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Iran dismisses US’ allegations on Iran's role in region

US Rep. Ilhan Omar (D-MN) (L) talks with Speaker of the House Nancy Pelosi (D-CA) during a rally with fellow Democrats before voting on H.R. 1, or the People Act, on the East Steps of the US Capitol on March 08, 2019 in Washington, DC. (AFP photo)
Iran’s Deputy Foreign Minister for Arab and African Affairs Hossein Amir-Abdollahian

A top Iranian diplomat has dismissed claims by the US State Department about the Islamic Republic’s role in regional developments, saying such allegations are untrue and interfering.

The Islamic Republic has proved that its approach to regional developments is based on the most constructive intentions, Iran’s Deputy Foreign Minister for Arab and African Affairs Hossein Amir-Abdollahian told reporters on Saturday.

Addressing a daily press briefing in Washington on Friday, Mark Toner, US State Department's deputy spokesperson, claimed that said US Secretary of State John Kerry and Abdullah Bin Zayed, the foreign minister of the United Arab Emirates (UAE), had agreed in a meeting on the same day on the need to continue working together to counter Iran’s “destabilizing” activities in the region.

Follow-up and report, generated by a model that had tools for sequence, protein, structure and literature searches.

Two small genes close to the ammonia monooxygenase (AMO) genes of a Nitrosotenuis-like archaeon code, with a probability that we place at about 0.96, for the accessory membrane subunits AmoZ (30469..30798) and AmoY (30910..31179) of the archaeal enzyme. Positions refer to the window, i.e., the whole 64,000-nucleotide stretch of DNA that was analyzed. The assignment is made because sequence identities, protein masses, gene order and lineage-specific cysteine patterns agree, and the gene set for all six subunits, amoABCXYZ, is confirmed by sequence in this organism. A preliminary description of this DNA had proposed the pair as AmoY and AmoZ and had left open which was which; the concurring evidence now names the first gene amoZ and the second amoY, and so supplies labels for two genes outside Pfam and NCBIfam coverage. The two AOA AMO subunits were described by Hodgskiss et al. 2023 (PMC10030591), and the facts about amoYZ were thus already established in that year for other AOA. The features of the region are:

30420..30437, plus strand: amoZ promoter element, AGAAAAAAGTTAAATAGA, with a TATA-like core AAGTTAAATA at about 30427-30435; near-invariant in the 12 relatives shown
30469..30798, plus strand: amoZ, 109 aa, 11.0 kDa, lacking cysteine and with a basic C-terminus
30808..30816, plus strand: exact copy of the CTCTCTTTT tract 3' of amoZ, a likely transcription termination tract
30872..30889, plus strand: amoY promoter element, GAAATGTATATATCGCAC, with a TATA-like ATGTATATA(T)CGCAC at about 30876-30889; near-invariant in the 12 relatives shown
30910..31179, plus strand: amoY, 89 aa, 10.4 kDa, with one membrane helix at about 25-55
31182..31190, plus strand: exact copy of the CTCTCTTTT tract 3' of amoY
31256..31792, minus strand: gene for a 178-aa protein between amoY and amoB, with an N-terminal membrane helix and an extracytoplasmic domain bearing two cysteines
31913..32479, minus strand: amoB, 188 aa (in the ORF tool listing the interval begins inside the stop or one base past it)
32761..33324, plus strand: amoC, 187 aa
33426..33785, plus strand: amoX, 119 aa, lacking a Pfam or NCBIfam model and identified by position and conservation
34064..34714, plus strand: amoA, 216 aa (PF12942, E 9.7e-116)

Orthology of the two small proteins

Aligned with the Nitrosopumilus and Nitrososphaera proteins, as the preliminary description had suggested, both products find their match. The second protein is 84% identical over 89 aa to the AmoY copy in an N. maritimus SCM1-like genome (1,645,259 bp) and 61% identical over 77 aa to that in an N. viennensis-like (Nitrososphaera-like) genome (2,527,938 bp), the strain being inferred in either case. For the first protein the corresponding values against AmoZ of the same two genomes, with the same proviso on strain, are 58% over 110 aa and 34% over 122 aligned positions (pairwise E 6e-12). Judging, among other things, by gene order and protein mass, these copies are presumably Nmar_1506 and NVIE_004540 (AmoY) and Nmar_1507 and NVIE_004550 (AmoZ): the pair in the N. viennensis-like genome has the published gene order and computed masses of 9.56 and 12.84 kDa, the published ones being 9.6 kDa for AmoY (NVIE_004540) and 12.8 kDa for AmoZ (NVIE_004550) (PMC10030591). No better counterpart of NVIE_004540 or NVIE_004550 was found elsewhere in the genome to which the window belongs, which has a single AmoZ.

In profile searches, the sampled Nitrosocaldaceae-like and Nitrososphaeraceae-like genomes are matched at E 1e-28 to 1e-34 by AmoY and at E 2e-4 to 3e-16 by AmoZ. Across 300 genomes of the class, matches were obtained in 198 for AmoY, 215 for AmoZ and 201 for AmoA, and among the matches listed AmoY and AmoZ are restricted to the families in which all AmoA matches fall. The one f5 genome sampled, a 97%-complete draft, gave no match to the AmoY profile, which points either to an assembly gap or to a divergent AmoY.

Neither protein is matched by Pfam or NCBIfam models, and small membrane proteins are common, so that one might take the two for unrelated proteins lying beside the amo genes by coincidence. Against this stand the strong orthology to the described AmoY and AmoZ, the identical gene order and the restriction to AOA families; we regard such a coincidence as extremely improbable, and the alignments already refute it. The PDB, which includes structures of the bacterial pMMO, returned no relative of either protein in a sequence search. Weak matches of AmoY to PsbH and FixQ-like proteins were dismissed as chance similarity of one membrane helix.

Amir-Abdollahian called on the UAE officials to adopt an approach based on friendship and good neighborliness instead of leveling unfounded allegations against Iran.

“Using the opportunity provided by the nuclear agreement (between Iran and the P5+1 group of countries), the United Arab Emirates can strengthen its active and constructive role for the full expansion of trade and economic cooperation with Iran,” the Iranian diplomat added.

Saudi campaign against Yemen

The Iranian official also commented on the Saudi air campaign against Yemen and urged the UAE to send medicine and food for the oppressed people of Yemen.

Instead of adopting a military approach to Yemen, the UAE should help strengthen the political process in Yemen and across the region, the Iranian official said.

Saudi Arabia began its military aggression against Yemen on March 26 – without a UN mandate – in a bid to undermine the Houthi Ansarullah movement and restore power to the fugitive former president, Abd Rabbuh Mansour Hadi, a staunch ally of Riyadh.

The conflict has so far left about 5,200 people dead and thousands of others wounded, the UN says. Local Yemeni sources, however, say the fatality figure is much higher.


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